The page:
Fremantle Stuff > West End > High St

High St

Roundhouse to Town Hall, west to east. Click on any image to see a larger version.


High St begins at the 1831 prison, the so-called Round House (it's dodecagonal), with the Whalers Tunnel (1837) beneath it.


High St looking east from the Round House c. 1890, RWAHS R2225. The 1898 Fremantle Hotel has not yet been built. The building middle right was the first dedicated police station. Further east is Mayor W.F. Samson's two-storey house which was in existence from the mid-1850s to 1954-55.


The Tramways Building, number 1 High St, is on the left. Next to it to the east is an NDU carpark, where W.F. Samson's house stood for a hundred years from the 1850s. Opposite to no. 1 is 2 High St, the other end of the Samson bond store, formerly Dalgety's building (1901), the other end of which may be seen as 1 Phillimore St.


The facade of the Fremantle Municipal Tramways Car Barn, at number 1 High St, behind which now are apartments, with offices and a coffeeshop on the ground floor. See also: Wikipedia page for Trams in Fremantle.


The Seamen's Chapel 1937, dominated by the Samson bond store on the left and the (former) Union Bank on the right. Both Chapel and Bank are now part of NDU. See also Flying Angel Club.


Union Bank of Australia, 1889, 4 High St, cnr Cliff St. The Church of England bought the building in 1930 for the Flying Angel Mission to Seamen. The small building to the left was the Seamen's Chapel 1937-1960.


Hotel Fremantle, 6 High St, lacking its corner turret and flagpole, like the P&O Hotel. This was designed by Wilkinson & Smith and built in 1899, and a renovated version was the Kiwi headquarters for the Americas Cup defence in 1987, Steinlager on tap.


The Bank of NSW building, at 7 High St, cnr Cliff St, was designed by Wilkinson & Smith, and built for the Bank on land owned by Pearse and Owston in 1899. The building was fully leased to NDU when it was sold in 2014. See also: Wikipedia page.


Owston's Buildings, at 9-23, occupy almost all of the space on the southern side of High St from Cliff St to Mouat St. Owston was a shipowner.


Tannatt Chambers, 8 High St, 1900, has 'Moorish' elements. It was designed in 1900 by E.M. Deane Smith as was Craig's Chambers (Cellars Building) adjacent.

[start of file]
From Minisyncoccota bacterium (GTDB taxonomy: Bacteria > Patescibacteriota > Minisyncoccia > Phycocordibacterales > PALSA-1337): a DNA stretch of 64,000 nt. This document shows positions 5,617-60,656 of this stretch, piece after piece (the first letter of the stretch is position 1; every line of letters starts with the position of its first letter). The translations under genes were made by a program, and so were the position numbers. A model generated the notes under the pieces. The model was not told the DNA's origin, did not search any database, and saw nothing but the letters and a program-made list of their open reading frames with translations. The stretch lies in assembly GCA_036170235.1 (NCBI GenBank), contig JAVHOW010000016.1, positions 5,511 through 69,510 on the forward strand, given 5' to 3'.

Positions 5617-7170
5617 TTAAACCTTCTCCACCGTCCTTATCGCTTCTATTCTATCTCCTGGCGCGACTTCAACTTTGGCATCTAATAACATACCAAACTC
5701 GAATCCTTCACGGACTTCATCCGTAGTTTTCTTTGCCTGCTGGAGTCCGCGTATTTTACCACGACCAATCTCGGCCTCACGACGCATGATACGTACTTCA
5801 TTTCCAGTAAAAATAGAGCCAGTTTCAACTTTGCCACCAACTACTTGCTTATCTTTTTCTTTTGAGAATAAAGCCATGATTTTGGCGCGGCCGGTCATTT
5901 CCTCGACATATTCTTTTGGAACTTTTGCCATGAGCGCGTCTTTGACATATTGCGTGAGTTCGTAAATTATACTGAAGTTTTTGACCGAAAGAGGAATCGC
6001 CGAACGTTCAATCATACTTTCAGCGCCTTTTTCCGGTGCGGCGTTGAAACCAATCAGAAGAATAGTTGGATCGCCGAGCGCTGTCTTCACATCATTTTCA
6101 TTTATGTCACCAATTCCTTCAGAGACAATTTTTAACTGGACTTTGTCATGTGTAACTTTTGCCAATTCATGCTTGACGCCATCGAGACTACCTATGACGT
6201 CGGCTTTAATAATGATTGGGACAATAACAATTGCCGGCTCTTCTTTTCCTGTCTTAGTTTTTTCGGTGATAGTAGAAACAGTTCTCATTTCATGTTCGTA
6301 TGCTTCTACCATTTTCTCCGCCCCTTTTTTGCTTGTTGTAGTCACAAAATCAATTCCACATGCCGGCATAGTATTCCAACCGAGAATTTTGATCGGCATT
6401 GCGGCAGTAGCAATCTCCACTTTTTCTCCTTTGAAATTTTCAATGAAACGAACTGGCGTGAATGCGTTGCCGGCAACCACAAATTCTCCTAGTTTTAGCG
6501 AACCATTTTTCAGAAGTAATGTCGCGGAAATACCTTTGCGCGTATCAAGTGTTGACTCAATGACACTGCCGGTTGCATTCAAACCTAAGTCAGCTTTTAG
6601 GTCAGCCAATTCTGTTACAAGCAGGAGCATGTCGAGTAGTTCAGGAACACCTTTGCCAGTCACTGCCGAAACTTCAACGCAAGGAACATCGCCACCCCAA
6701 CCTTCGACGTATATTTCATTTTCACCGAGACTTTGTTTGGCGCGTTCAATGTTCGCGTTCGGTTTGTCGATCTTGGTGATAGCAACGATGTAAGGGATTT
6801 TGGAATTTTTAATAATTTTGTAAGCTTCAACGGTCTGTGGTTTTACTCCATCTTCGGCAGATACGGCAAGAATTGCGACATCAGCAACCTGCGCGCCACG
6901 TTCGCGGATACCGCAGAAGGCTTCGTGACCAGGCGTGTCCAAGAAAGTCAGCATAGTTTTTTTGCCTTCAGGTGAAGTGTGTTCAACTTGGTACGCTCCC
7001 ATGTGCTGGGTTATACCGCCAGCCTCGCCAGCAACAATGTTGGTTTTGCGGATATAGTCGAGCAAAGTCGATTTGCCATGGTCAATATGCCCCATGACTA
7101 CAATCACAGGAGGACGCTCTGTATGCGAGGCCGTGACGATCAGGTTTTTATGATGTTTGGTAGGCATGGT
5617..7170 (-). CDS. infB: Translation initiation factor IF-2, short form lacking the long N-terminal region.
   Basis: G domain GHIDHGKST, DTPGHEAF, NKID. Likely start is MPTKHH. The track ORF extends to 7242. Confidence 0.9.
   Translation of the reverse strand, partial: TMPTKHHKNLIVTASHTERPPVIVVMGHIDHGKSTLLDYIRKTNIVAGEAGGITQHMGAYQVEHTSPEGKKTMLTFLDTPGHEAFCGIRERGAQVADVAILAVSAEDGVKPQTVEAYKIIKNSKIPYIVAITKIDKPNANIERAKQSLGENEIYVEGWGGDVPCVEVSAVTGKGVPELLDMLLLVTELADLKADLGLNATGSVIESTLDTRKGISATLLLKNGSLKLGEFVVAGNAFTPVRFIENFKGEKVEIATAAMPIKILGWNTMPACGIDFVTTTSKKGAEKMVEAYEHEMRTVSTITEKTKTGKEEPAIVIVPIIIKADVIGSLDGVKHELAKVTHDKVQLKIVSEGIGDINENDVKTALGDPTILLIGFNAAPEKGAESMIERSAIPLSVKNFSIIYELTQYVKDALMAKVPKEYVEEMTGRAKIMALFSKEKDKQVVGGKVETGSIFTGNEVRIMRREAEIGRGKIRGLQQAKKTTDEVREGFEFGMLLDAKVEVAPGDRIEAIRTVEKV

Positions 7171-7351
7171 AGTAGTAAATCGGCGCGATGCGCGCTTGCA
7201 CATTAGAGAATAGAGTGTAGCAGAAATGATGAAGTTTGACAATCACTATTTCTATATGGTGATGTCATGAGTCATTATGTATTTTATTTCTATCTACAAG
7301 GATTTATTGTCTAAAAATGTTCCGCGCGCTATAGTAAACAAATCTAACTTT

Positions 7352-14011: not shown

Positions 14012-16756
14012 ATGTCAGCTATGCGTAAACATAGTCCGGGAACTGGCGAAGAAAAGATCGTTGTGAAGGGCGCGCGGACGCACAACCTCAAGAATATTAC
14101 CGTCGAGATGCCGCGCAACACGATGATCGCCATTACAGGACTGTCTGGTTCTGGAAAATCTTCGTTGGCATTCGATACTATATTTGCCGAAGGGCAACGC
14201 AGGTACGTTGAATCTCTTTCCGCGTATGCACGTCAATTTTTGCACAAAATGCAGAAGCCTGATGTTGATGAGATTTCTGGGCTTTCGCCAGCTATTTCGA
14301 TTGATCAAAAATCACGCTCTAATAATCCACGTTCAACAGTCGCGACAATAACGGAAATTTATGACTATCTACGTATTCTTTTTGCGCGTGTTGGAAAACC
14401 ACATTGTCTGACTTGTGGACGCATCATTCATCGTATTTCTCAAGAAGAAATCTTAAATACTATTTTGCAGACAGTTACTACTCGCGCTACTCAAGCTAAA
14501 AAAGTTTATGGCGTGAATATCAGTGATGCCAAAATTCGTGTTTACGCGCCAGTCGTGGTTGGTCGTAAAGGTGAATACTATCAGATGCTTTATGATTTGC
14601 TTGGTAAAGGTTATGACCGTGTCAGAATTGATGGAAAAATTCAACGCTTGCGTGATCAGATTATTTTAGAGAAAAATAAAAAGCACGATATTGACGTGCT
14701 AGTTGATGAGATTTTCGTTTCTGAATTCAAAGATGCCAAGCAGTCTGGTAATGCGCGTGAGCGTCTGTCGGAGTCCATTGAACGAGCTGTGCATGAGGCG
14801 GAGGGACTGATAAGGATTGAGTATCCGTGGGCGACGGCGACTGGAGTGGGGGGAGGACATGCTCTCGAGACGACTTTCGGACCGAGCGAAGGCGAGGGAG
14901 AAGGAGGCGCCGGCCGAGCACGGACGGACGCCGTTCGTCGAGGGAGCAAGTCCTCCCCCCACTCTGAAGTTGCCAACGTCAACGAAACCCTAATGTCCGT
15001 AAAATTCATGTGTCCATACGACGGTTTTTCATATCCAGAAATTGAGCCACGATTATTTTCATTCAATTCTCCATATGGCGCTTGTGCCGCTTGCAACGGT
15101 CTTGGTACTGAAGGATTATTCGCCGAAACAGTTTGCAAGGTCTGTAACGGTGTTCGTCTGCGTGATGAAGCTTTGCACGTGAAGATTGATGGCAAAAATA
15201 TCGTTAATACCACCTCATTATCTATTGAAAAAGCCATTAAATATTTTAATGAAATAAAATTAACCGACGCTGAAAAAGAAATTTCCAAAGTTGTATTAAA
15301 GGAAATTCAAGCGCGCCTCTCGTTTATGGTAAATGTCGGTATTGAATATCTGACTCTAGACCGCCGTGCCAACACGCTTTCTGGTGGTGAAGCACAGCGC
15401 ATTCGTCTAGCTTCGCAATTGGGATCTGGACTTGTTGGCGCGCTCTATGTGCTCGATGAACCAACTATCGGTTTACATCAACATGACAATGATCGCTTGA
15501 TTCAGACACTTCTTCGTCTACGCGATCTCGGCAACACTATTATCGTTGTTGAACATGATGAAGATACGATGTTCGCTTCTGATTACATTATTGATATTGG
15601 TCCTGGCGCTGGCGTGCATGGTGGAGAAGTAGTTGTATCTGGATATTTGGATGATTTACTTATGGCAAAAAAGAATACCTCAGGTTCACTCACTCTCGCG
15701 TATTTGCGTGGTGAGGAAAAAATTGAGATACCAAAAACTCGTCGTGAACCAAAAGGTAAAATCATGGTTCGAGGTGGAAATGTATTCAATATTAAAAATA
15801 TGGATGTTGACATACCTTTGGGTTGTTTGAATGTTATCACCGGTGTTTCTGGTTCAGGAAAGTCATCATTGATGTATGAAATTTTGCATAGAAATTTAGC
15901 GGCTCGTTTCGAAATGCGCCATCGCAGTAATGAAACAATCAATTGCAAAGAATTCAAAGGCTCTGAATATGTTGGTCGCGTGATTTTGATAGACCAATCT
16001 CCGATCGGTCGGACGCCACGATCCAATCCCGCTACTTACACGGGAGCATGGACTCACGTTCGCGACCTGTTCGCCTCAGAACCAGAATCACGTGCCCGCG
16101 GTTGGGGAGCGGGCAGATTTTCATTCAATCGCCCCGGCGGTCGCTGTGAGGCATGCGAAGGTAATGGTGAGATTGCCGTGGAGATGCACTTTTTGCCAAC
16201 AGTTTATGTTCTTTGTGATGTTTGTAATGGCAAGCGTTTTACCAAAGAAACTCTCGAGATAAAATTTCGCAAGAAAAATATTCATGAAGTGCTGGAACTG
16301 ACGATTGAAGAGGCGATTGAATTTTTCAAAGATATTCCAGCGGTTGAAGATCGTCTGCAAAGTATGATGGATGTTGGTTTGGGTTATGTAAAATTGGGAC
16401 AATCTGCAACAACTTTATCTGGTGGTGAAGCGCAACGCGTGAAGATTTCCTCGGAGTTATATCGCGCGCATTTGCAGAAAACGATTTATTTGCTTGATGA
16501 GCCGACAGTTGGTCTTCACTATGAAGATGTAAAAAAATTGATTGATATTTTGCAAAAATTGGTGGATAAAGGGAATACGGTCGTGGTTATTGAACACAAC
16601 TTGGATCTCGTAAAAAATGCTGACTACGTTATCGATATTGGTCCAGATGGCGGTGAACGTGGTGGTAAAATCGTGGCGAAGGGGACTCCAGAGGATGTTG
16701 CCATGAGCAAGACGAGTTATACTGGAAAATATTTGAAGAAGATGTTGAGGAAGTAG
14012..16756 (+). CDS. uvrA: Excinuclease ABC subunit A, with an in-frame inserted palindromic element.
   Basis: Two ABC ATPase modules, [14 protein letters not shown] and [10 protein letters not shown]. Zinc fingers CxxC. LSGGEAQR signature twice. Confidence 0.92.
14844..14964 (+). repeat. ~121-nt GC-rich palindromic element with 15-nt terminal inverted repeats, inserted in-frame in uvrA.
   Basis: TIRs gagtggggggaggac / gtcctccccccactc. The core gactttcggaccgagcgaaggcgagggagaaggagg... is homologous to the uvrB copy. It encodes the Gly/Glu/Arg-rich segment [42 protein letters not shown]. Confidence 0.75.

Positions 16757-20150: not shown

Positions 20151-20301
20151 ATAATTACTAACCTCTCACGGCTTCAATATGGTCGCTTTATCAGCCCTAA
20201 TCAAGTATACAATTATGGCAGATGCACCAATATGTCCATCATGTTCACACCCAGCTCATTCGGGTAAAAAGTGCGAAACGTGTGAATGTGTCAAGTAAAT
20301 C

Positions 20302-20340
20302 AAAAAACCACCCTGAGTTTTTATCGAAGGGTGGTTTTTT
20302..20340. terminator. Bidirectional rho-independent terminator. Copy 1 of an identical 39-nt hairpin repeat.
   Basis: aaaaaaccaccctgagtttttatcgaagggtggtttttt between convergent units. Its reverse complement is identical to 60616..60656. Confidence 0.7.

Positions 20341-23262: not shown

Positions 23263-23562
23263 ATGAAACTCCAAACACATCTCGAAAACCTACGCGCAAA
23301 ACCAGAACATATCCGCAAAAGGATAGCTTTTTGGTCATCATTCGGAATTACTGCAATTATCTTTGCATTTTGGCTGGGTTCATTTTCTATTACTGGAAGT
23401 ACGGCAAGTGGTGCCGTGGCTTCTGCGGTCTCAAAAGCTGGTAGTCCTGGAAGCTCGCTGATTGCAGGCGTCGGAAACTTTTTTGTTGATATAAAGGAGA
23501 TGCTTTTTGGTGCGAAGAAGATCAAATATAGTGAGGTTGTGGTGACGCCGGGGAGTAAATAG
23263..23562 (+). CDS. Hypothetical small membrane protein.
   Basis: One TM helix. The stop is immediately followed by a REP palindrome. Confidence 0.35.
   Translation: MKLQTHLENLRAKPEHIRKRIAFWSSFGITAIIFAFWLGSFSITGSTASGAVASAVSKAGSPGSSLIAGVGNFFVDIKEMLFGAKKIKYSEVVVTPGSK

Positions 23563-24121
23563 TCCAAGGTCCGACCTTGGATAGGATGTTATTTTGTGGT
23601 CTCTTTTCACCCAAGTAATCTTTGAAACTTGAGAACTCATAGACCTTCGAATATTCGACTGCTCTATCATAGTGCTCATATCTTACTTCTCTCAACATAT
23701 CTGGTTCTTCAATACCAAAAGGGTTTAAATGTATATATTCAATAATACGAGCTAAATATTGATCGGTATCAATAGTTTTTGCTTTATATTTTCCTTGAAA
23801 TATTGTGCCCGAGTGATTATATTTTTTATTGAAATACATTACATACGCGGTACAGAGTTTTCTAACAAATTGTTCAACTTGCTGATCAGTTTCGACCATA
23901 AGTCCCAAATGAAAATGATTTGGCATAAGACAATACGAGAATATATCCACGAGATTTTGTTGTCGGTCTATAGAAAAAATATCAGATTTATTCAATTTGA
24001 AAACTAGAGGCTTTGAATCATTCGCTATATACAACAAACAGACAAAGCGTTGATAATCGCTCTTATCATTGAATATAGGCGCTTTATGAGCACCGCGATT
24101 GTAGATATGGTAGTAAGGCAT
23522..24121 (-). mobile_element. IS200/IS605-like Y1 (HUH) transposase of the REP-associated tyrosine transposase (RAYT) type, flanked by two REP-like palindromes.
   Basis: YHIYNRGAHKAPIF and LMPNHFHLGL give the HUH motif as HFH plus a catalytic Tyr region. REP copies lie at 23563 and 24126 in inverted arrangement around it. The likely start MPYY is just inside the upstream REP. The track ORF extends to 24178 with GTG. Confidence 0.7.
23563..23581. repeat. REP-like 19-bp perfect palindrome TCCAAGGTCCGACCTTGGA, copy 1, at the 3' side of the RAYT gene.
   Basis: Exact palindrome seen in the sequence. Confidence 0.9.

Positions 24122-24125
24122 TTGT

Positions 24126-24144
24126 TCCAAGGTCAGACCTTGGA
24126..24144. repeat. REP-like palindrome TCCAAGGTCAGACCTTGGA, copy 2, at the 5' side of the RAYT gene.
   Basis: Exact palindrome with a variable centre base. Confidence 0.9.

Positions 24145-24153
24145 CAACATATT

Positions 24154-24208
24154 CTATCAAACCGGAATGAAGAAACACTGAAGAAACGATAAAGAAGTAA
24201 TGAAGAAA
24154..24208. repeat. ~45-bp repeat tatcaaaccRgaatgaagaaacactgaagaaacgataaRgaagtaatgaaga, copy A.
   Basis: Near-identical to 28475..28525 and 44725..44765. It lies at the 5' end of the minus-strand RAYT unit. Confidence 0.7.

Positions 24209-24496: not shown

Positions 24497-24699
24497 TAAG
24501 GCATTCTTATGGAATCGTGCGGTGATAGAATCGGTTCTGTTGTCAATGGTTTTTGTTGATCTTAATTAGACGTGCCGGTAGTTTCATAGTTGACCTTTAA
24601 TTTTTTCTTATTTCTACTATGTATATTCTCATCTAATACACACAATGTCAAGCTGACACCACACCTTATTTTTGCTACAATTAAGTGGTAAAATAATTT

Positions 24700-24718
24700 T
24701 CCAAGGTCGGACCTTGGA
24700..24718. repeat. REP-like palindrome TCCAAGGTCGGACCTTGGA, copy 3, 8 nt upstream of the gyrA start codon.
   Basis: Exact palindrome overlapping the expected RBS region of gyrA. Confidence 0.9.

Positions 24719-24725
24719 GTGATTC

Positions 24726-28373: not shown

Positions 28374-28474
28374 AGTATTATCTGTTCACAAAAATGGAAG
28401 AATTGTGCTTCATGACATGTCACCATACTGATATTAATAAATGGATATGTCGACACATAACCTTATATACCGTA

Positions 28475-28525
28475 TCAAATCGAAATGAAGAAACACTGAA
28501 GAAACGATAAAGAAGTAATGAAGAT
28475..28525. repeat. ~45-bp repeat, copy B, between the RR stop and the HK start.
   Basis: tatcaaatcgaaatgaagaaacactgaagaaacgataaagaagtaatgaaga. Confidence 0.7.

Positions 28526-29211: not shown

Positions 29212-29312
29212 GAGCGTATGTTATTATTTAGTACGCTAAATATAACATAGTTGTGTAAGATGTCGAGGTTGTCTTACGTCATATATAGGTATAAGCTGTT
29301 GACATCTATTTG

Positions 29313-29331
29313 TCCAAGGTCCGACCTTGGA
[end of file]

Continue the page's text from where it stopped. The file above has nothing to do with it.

The Cellars Building, 10 High St, 1900, aka Craig's Chambers, once housed Paul Rigby's Roo on the Roof restaurant in its cellar in the 1960s. The restaurant was later (or also) known as The Cellars, giving the building its current name. Paul Rigby, together with Alec Smith, of the Fremantle Hotel, lobbied Tony Samson to save the Liebler building, nearby in Cliff St. Samson saved only the facade, which still stands.


12 High St is a commercial building apparently built 1897.


National Bank, 1887, 16 High St, is now NDU's Study Abroad Offices and part of the School of Arts and Sciences, building ND20.

18 High

Bank of Australasia, 1901, 18 High St. The sign suggests it's the offices of winemaker Leeuwin Estate. The Commonwealth of Australia logo near the door indicates/d the tenancy of a Federal Dept.

20 High

The Commercial Bank, 1901, at 20 High St, on the NW corner of High and Mouat Sts, was later a branch of the National Bank of Australia. The building was renovated in 1960.

22 High

Western Australian Bank, 1891, 22 High St, aka Bank of NSW, Westpac Building, Challenge Bank. The building at 22 High St is also 18 Mouat St, being on the NE corner, and was later a branch of the Bank of NSW (/Westpac). The pediment has AD 1891 in stucco. The building to the east in High St is the Cleopatra Hotel. The flag on the left of the picture normally flies over the Adelaide Steamship Company building.


The P&O Hotel, on the SE corner of High and Mouat Sts, at 25 High St, was completed in 1896. The verandahs were restored in 2002, tho sadly it is still lacking its original turret.


Baird's Buildings at 33-37 High St, between the two hotels, P&O and Orient, recently housed two restaurants. Athena Lodge (1901, whatever it was) was at 35 High St, up the stairs through the entrance between the two other premises. In June 2015, this building was being completely renovated. In August 2015, the ground floor facades are now all glass. In March 2016, one of the shops is a pharmacy, and there is a yoga school upstairs.

24 High

Cleopatra Hotel, 24 High St, 1907, with me standing outside in the Google Street View photo

36 High

The Orient Hotel looks down on the Adelec Buildings, 28-36 High St, originally known as Fothergill's Building.

40 High

Marich Building, c1897, 36-44 High St, on the northeast corner of High and Henry St, has been proposed for redevelopment since before 2006, when an application to build a 5-storey hotel/apartment complex at the rear was refused. The Rialto Apartments door is at 44, and they presumably occupy all of the upper floor. The Royal Hotel was on this site in 1844. The original town lot numbers were 80/81.


The earliest name of the hotel at 39 High St, on the corner of Henry St, from 1849, was the Commercial. In 1876 it was called the Emerald Isle Hotel, where the publican for a time was Frederick Caesar. This is where the Catalpa incident was planned: the escape of six Fenians from Fremantle Prison. From 1888 it was the Club Hotel. The earlier building was demolished in 1903 after which the Orient Hotel was built. It was renovated in 1995, and again in 2014.